Kenya’s leading telecoms operators, Safaricom has launch 5G technology trials for its customers in that country.
The trial, which is for both individual and enterprise customers in Nairobi, Kisumu, Kisii and Kakamega, makes Safaricom the first telco to launch 5G in the Eastern Africa region, and the third in Africa as a whole.
The first two were Vodacom and MTN, both of which unveiled their 5G networks in South Africa last year.
As part of its trial, Safaricom plans to expand to more than 150 5G sites across nine towns over the next 12 months.
The primary objective during the trial period will be to ensure customers can enjoy speeds of up to 700 Megabits per second (Mbps), with plans to offer more than 1,000 Mbps in the coming months.
Safaricom selected Nokia and Huawei as the two technology partners for the roll-out of its 5G network.
It stated clearly that for mobile internet customers, the service will be available on only select 5G smartphones from Samsung, Huawei and Nokia.
The company has seen web data revenue grow more than three times over the past five years from US$160m in 2015 when it launched its 4G network to US$450m last year.
CEO of Safaricom, Peter Ndegwa was quoted as saying the launch marks a major milestone for Kenya, adding that with 5G, “we aim to empower our customers with super-fast internet at work, at home and when on the move, supplementing our growing fibre network. At Safaricom, we are proud to be the first in the country and the region to bring this latest innovation to both our retail and enterprise customers empowering them to start exploring new opportunities that 5G provides.”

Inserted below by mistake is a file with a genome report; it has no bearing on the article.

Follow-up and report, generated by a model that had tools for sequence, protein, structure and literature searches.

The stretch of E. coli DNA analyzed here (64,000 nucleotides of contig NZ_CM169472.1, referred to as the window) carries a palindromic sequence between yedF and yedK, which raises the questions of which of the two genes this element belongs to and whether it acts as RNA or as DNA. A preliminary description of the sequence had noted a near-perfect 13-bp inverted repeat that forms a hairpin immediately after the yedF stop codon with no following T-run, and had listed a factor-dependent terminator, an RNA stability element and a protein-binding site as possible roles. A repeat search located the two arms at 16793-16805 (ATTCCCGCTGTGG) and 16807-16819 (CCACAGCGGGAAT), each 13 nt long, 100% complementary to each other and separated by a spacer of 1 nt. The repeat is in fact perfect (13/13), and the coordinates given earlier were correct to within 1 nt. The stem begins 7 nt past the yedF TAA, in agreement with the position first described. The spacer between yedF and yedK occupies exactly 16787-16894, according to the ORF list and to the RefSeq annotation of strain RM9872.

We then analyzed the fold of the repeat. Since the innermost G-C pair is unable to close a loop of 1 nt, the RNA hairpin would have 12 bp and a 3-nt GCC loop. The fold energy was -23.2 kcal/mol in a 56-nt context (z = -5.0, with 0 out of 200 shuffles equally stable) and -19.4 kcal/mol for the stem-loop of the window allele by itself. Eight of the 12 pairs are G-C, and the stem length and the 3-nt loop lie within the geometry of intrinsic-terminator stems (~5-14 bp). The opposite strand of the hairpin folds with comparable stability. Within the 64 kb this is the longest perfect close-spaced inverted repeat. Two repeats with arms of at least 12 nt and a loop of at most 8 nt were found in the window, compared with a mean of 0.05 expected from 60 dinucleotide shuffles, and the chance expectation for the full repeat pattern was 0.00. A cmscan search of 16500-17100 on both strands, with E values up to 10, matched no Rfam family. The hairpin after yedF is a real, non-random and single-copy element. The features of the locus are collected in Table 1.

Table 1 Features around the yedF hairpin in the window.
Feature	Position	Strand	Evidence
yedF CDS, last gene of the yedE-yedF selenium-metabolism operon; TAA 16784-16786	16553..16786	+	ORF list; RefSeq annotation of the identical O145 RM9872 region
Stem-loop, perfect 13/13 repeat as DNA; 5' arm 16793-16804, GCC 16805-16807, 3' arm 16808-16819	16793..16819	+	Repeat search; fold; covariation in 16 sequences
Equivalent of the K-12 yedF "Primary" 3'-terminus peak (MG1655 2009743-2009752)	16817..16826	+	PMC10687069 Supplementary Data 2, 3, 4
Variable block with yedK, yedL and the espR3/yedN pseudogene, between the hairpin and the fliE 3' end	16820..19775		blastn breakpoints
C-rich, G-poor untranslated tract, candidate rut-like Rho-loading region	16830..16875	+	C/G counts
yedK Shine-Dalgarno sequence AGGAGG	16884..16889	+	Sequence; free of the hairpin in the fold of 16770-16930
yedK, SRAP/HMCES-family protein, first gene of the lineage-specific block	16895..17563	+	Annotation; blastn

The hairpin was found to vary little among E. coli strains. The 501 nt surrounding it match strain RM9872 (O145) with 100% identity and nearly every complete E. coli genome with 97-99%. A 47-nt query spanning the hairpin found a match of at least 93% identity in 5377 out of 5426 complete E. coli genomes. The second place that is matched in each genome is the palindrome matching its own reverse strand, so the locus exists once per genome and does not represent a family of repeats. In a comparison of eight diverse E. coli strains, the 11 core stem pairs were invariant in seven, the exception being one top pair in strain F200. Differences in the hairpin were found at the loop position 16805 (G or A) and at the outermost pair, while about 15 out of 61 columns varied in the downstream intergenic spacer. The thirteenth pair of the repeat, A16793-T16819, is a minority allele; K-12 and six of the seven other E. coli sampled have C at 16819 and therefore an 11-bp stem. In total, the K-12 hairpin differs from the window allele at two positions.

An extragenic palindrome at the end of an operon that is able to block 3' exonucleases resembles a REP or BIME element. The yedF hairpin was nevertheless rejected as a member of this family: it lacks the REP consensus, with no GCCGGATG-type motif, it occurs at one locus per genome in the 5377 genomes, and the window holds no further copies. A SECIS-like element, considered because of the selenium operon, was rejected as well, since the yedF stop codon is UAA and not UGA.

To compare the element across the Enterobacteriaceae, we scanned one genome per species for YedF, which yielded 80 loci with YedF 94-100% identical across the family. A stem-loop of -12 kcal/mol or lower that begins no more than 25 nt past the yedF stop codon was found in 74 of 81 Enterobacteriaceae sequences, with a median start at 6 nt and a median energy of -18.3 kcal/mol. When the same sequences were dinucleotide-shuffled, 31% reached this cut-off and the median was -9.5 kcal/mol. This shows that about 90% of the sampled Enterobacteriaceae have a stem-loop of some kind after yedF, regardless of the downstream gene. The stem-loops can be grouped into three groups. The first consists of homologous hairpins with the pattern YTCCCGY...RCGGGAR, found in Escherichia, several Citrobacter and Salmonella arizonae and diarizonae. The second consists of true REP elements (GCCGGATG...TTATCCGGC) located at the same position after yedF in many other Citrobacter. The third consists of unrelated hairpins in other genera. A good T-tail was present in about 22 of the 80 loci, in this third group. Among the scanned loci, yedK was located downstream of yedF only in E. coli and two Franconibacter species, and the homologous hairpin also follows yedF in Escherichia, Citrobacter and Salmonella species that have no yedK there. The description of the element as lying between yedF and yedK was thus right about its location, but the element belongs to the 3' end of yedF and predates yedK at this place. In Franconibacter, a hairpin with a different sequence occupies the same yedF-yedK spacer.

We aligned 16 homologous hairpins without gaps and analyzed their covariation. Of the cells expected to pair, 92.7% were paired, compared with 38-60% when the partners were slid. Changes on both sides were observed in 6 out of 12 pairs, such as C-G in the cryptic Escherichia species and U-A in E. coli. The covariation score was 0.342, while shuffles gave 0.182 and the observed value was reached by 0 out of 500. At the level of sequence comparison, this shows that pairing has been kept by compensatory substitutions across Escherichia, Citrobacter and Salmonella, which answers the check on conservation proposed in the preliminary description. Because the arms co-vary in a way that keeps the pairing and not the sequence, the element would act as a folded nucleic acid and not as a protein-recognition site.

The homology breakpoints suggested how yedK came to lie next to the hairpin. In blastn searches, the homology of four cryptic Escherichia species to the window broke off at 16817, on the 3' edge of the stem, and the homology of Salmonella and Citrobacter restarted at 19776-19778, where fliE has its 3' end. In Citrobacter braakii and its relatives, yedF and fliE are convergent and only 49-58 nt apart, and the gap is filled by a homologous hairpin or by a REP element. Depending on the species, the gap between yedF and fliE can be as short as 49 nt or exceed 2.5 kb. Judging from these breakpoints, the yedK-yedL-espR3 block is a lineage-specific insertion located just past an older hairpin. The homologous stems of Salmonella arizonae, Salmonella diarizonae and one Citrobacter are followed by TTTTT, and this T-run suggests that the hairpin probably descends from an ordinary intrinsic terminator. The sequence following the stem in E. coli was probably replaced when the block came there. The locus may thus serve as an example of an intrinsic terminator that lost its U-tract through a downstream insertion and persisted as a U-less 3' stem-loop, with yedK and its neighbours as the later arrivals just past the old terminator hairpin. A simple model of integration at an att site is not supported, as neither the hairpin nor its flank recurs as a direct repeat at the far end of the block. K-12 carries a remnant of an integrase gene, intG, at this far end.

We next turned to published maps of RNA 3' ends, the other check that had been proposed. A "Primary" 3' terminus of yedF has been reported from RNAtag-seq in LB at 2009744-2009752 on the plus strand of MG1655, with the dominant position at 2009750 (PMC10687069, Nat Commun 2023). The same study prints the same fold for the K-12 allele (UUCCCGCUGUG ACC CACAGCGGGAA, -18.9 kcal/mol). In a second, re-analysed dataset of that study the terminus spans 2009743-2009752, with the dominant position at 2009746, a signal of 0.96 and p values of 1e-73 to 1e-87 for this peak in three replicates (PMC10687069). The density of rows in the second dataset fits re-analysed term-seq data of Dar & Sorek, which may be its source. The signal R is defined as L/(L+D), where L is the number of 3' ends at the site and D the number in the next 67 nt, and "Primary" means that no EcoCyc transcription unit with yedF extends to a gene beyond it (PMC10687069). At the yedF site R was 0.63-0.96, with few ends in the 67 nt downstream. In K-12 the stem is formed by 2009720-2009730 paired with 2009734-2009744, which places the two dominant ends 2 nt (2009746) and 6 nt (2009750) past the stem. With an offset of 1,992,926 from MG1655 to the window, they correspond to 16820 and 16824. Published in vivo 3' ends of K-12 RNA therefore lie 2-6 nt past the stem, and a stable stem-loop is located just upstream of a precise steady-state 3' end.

5G can support up to 1 million connected devices per square kilometre compared to 4G which can only support up to 100,000 connected devices in a similar area. This makes 5G suitable for providing super-fast internet speeds in high-density areas and for linking thousands of connected devices such as in manufacturing and supply chain management for businesses.
While Safaricom hasn’t mentioned the data plan prices, 5G data plans are expected to be much more expensive compared to 4G, raising the question of affordability for over 38 million internet subscribers in Kenya.
Meanwhile, even though Ghana is touted as one of the leading telecoms and technology hubs in Africa, operators in the country are yet to see the full potential of 4G, with two out of four of them not even having 4G networks because they can’t afford it.
But recently the regulator announced steps towards a spectrum unification policy that promises to propel operators into 5G at lesser cost.